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Securitization generally requires a utility to assign the designated revenue stream to a "bankruptcy remote" special purpose entity or trust, which in turn issues bonds that will be serviced by the transferred revenue stream. The funds raised by the bond issuance flow to the utility, and in many cases are used to retire outstanding higher-cost debt and/or buy back common equity, thus lowering the company's weighted average cost of capital.

While it is unclear if securitization requires legislation, a specific legislative mandate generally improves the rating accorded the securitization bonds and lowers the associated cost of capital, given that a legislatively supported revenue stream may be more difficult to rescind than a stand-alone order of a state commission. In RRA's experience, no state commission has authorized securitization in the absence of enabling legislation.

Securitization may be viewed as an attractive option because it allows regulators to minimize the customer rate impacts related to recovery of a particular utility asset. The carrying charge on the asset would be the lower interest rate applied to a highly rated, usually AAA, corporate bond rather than the utility's weighted average cost of capital or even the interest rate on typical utility bonds, which are generally rated BBB and carry higher interest rates.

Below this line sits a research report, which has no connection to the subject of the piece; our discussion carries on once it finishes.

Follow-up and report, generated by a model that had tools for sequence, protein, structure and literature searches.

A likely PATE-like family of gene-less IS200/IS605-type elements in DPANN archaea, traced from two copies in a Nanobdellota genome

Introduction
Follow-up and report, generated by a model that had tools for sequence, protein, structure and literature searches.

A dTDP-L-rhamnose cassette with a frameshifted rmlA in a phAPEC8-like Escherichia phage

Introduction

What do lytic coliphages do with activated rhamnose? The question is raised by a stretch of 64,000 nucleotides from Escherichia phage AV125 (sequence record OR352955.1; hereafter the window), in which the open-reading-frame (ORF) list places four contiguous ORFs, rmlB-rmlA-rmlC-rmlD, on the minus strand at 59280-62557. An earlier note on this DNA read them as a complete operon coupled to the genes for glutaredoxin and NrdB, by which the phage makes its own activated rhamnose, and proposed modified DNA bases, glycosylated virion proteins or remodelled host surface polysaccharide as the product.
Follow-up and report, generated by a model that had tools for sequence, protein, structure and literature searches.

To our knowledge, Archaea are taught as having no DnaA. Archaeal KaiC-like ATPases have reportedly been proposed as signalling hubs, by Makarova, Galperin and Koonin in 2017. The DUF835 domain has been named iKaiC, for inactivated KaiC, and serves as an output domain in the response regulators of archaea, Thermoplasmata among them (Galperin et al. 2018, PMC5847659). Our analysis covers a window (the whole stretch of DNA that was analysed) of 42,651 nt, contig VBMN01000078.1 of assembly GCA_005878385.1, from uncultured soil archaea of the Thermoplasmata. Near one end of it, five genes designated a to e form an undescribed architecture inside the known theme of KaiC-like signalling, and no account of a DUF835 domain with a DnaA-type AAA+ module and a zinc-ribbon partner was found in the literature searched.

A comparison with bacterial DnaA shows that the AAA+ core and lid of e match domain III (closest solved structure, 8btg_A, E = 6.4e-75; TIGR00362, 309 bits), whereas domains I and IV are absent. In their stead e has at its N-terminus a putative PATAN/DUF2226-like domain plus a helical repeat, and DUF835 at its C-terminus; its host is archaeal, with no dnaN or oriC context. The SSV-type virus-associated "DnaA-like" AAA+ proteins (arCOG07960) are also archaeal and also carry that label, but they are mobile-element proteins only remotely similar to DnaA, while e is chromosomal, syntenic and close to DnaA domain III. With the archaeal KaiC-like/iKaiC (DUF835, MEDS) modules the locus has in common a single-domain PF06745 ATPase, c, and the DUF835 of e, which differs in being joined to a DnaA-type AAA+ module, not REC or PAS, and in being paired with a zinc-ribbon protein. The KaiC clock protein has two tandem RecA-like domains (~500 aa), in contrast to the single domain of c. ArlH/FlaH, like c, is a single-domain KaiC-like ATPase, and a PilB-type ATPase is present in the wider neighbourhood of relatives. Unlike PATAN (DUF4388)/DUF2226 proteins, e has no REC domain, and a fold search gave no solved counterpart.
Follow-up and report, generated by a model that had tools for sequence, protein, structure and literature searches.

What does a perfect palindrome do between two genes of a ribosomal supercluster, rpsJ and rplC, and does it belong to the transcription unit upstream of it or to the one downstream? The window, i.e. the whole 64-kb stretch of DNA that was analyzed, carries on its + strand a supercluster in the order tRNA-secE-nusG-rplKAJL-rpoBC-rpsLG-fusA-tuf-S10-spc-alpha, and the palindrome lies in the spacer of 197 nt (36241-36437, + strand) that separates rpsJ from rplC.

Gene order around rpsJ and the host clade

At the same time, securitization simultaneously reduces the investment risk for the utility by providing the utility up front recovery of its investment in what are usually non-revenue-producing assets. The company can then redeploy those investment dollars elsewhere.

A quick look at Federal Energy Regulatory Commission action on COVID-19

In an April 12 pronouncement, the Federal Energy Regulatory Commission committed to expeditiously review and act on requests for cost recovery; FERC's subsequent actions were aimed at providing regulatory relief to the electric and gas utility companies and other entities the commission regulates, the majority of which were process related. For most large electric transmission providers FERC has formula based rates in place and presumably, the impacts of COVID-19 would flow through this process. No such mechanism is in place for gas pipelines; so it is as yet unclear how any impacts on those entities would be addressed. For additional information on ratemaking at the FERC, see RRA's FERC Review.

Regulatory Research Associates is a group within S&P Global Market Intelligence.

For a complete, searchable listing of RRA's in-depth research and analysis, please go to the S&P Global Market Intelligence Energy Research Library.

Charlotte Cox, Jim Davis, Russell Ernst, Lisa Fontanella, Monica Hlinka, Jason Lehman, Dan Lowrey, Jim O'Reilly and Amy Poszywak contributed to this article.

Jose Miguel Fidel Javier contributed to this article.

This article was published by S&P Global Market Intelligence and not by S&P Global Ratings, which is a separately managed division of S&P Global.